Of government dysfunction and airline greed

I’m sure readers are aware that, due to a failure on the part of the House of Representatives and the Senate to agree on the wording of a bill authorizing the ongoing funding of the Federal Aviation Administration (FAA), that agency no longer has the legal right to collect user fees and taxes to pay for its operations. Those charges were normally levied as part of ticket pricing by the airlines. As a result, the FAA has had to furlough thousands of its staff, and suspend many of its operations.

Have you noticed the prices of airline tickets going down? Not necessarily. Most airlines have simply increased their ticket prices, adding the FAA revenues to their base charges. That means you still pay the same amount for a ticket as you would have before the FAA furloughs. The only difference is that the money now goes to those airlines, rather than the agency. They’re getting richer at your expense, hoping you won’t notice. (However, a few airlines have been more responsible. Spirit, Hawaiian and Alaskan have not raised their fares, and are passing on to their customers savings from the discontinued FAA charges.)

If you, like me, object to being ripped off by companies, you might want to take this into account when you next take a commercial flight. I plan to ask whether the airline(s) serving my proposed route tried to rob consumers in this fashion. Whenever and wherever possible, I’ll use an airline that didn’t try to rob me, even if that means I have to take a more roundabout route.

As for the House and Senate and their inability to get their act together . . . I would get angry with them, except that I’m already so mad at them over the debt crisis that there’s no room for another irritant. A plague on both their houses!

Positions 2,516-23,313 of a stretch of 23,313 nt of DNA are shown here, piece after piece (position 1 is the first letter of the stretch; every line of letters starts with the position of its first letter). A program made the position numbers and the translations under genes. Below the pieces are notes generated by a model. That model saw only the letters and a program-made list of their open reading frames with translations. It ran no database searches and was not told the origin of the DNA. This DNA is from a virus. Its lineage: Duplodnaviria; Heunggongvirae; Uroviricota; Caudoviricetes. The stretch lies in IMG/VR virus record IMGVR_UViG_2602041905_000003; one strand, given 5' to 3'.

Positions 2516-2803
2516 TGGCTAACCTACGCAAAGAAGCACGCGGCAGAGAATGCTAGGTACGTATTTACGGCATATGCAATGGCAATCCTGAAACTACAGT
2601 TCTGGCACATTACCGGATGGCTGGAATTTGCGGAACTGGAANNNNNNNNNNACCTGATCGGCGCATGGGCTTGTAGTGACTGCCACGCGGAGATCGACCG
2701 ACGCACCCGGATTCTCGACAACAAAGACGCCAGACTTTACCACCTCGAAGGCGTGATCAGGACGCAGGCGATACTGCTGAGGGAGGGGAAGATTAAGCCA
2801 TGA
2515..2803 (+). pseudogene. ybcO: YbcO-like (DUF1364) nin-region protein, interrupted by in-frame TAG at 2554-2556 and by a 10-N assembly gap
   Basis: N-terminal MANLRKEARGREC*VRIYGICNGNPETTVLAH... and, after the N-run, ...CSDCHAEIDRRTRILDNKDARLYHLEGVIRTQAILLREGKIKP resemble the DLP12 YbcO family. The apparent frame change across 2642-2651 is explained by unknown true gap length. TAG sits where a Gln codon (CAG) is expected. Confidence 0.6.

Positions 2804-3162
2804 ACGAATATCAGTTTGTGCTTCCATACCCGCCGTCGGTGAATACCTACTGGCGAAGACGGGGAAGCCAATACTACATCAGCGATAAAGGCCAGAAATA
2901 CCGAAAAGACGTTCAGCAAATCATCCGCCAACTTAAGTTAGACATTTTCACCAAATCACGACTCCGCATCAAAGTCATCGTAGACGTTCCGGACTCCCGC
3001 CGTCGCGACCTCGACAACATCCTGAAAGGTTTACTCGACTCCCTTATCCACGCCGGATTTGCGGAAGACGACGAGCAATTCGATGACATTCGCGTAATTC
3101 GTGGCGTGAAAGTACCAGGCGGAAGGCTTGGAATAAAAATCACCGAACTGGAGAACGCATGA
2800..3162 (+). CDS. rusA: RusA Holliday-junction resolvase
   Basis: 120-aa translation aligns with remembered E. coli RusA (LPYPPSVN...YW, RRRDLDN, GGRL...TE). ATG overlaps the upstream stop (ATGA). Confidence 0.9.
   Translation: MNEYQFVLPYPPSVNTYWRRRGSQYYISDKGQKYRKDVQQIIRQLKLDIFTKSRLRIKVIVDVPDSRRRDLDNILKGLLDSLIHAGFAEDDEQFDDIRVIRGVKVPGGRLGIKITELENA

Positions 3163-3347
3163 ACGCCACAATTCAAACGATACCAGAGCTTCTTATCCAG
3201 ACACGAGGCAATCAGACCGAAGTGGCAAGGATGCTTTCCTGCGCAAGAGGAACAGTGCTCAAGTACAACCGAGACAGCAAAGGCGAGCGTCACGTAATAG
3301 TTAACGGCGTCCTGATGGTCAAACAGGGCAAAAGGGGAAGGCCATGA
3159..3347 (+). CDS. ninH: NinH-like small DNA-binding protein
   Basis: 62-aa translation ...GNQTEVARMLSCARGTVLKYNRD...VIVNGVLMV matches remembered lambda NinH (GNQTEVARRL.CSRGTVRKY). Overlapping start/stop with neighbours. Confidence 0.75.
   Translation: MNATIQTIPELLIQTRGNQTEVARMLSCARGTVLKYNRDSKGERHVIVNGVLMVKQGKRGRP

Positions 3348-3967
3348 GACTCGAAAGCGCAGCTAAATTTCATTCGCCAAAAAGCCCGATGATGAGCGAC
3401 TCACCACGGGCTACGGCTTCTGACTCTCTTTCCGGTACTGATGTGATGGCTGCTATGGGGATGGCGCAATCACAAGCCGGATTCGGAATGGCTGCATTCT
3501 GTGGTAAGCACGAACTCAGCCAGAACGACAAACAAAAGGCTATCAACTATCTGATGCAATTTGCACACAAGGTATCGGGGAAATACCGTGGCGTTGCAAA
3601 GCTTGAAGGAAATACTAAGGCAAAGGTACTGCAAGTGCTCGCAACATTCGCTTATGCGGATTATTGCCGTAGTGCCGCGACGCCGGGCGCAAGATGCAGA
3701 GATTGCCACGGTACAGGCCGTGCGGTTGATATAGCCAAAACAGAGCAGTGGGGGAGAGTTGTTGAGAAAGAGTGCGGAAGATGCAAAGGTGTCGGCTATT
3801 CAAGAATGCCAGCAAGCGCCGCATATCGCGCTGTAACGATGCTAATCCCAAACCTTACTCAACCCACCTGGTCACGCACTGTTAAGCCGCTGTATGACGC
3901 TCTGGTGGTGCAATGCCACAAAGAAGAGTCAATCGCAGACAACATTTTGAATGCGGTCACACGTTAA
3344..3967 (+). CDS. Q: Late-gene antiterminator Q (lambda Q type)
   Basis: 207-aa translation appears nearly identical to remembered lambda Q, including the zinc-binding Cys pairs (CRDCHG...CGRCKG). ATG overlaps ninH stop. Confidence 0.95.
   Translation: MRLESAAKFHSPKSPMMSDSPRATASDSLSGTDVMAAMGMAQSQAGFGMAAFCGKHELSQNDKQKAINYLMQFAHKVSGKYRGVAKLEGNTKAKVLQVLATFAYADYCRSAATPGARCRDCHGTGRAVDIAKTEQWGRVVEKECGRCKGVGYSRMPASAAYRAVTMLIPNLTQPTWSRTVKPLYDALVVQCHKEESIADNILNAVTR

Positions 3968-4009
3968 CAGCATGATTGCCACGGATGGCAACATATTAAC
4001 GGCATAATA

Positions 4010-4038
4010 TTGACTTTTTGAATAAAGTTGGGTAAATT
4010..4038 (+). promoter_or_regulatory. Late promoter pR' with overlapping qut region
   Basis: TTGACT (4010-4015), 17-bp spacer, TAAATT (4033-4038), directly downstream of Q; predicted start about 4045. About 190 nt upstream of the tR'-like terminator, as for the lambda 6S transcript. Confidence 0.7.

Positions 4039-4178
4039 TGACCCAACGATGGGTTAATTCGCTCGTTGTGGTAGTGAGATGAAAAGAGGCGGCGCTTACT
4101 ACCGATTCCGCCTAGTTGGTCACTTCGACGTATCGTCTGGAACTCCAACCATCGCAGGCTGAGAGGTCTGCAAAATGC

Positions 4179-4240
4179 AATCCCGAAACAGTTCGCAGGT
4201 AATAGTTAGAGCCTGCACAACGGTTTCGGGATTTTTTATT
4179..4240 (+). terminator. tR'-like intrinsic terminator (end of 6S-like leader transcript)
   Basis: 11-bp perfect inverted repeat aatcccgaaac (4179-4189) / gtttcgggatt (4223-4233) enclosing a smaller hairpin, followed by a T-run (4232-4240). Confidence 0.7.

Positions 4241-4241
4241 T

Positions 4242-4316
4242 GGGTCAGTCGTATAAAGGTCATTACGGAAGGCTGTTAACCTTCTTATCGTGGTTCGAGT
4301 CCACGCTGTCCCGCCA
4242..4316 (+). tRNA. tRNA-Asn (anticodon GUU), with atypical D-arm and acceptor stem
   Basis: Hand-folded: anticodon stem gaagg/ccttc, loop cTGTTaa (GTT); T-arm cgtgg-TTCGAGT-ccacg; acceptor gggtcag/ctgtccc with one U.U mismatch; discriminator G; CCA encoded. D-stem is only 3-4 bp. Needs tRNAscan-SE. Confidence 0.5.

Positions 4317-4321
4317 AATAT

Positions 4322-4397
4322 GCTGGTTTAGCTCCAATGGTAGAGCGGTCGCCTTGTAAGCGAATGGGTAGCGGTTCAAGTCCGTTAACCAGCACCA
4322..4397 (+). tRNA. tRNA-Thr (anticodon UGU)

1. Give them a break. They were really busy trying to come up with a fair and balanced plan for increasing the fuel economy requirements for privately owned vehicles, while simultaneously ensuring that companies who were actually making money would share that money with those who hadn't gotten around to actually getting jobs yet.
    Plus, of course, they had to think about the upcoming re-election campaign. So they've been a little distracted, and we can hardly blame them for letting that slip through the cracks.

  2. See the latest? Congress has made the tax RETROACTIVE!!

    Now, think about the precedent of that. Pick an activity we all enjoy, one we performed oh, say maybe a year ago, and retroactively tax it. Or add a nice big chunk of tax to all vehicles bought in the previous year — retroactivly, you know, because there was no authority to tax then, but by George, we'll do it now and roll 'er back!

    Holy cow, what a plan!! I'll bet Harry and Nancy are just now beginning to realize the potential.

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